Engage with us
At QSCITECH we have a vibrant environment for scientific training – with many opportunities and activities to train to excel at the highest international levels. Students have available to them potential MRes, PhD scholarships, their own travel/research budget (PhD), weekly seminars and regular journal clubs. Below we list possible PhD projects and interested MRes, PhD students/postdoctoral researchers should contact the relevant listed academic for opportunities surrounding a particular PhD project.
MRes Opportunities: Macquarie University provides a unique Master of Research with one year coursework and one year research. Funding is available to support students during their MRes studies and entry into Year 2 of the MRes to focus on research alone is encouraged – particularly for international students wishing to progress to a PhD. Applications are primarily due Oct & March each year. Current MRes research projects can be viewed here.
PhD Opportunities: Macquarie University provides a very generous PhD scholarship for 3 year PhD studies. These are quite competitive and applications must be made each year before Aug 31.
To apply for MRes/PhD studies in quantum science and technology first choose a suitable PhD project below and send your CV/Resume/undergraduate/postgraduate transcript to the associated academic supervisor – Subject: MRes/PhD Studies Application.
We are currently offering the following PhD projects:
Quantum Simulation of Quantum Chemistry
Dr. Dominic W Berry: Macquarie University
Prof. Alán Aspuru-Guzik: Harvard University
There are an enormous variety of technological challenges, such as renewable energy and pharmaceutical design, that could be solved if one could rapidly simulate molecules. The problem is that quantum systems are fundamentally difficult to simulate on normal “classical” computers. This led Feynman to propose the idea of quantum computers . Later Lloyd gave a general quantum simulation algorithm , but it was Aspuru-Guzik and co-workers who showed how to simulate quantum chemistry on a quantum computer . Unfortunately, this algorithm was relatively slow .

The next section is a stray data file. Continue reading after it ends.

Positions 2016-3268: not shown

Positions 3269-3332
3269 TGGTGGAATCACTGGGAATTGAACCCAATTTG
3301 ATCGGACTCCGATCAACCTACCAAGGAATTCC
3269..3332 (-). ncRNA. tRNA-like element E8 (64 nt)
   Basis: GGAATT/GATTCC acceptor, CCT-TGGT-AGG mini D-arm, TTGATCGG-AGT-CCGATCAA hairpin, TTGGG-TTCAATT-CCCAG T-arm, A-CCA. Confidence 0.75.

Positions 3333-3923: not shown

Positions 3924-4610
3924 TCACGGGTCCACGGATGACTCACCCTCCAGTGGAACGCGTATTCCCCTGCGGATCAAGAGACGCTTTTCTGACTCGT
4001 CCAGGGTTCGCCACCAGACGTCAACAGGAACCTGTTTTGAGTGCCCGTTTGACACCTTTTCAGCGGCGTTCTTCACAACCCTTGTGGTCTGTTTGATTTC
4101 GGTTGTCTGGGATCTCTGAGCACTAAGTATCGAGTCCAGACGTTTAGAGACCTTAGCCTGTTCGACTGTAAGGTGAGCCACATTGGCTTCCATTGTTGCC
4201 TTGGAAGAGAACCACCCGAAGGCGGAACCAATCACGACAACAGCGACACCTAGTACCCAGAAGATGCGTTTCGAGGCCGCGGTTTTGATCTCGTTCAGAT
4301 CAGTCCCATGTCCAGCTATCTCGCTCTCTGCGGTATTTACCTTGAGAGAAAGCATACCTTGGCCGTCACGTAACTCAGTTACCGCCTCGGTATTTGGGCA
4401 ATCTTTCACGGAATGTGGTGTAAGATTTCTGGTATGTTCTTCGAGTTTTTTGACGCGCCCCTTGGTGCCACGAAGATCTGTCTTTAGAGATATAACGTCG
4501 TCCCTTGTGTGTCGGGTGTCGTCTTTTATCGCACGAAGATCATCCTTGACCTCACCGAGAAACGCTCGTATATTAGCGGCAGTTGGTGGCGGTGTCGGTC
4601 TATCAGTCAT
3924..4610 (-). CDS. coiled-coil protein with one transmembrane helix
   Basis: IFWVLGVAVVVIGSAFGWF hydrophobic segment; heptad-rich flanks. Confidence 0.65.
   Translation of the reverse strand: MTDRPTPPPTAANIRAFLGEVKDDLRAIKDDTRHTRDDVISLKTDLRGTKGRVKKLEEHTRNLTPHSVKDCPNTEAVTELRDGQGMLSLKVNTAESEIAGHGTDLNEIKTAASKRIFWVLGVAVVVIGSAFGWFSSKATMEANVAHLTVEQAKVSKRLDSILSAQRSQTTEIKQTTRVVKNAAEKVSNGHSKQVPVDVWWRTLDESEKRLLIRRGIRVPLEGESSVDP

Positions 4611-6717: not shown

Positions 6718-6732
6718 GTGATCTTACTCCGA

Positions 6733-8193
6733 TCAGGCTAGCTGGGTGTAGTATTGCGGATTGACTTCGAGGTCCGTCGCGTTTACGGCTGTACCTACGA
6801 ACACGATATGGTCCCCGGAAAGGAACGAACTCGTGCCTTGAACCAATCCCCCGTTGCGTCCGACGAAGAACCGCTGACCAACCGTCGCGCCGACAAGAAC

The goal of this PhD project is to develop techniques for quantum computers to simulate quantum chemistry that are much faster, and could enable quantum computers to simulate much larger molecules. The basic techniques to achieve this have been presented in a pair of papers by Berry and Aspuru-Guzik , and are based upon the ability to exponentially accelerate a numerical integral. This project will fully develop these techniques and devise ways to further improve the complexity, for example by showing how to better choose integration grids, and tailoring the algorithms for real molecules.
 R. Feynman, International Journal of Theoretical Physics 21, 467 (1982).
 S. Lloyd, Science 273, 1073 (1996).
 A. Aspuru-Guzik, A. D. Dutoi, P. J. Love, and M. Head-Gordon, Science 309, 1704 (2005).
 D. Wecker, B. Bauer, B. K. Clark, M. B. Hastings, and M. Troyer, Phys. Rev. A 90, 022305 (2014).
 R. Babbush, D. W. Berry, I. D. Kivlichan, A. Y. Wei, P. J. Love, and A. Aspuru-Guzik, arXiv:1506.01020; arXiv:1506.01029 (2015).
Optical trapping and Levitation of nanoparticles
A/Prof Thomas Volz: Macquarie University
Prof. Jason Twamley: Macquarie University
External collaborators: Prof. Gabriel Molina Terriza and Dr Mathieu Juan
In the Quantum Nanophotonics laboratories of Macquarie University, we have started a series of experiments showing that the the Physics of the Star Wars’ “tractor beam” was possible. Using electromagnetic radiation (an optical beam) we have managed to capture a small particle and move it around without physically touching the particle. This technique, which has led to a Nobel prize in physics and a whole new industry in biotechnology, could allow us to explore new physical regimes when we combine it with cooling the particle to the its quantum ground state. Nevertheless, the possibility of trapping small particles in vacuum (optical levitation) is still a battleground for physicists.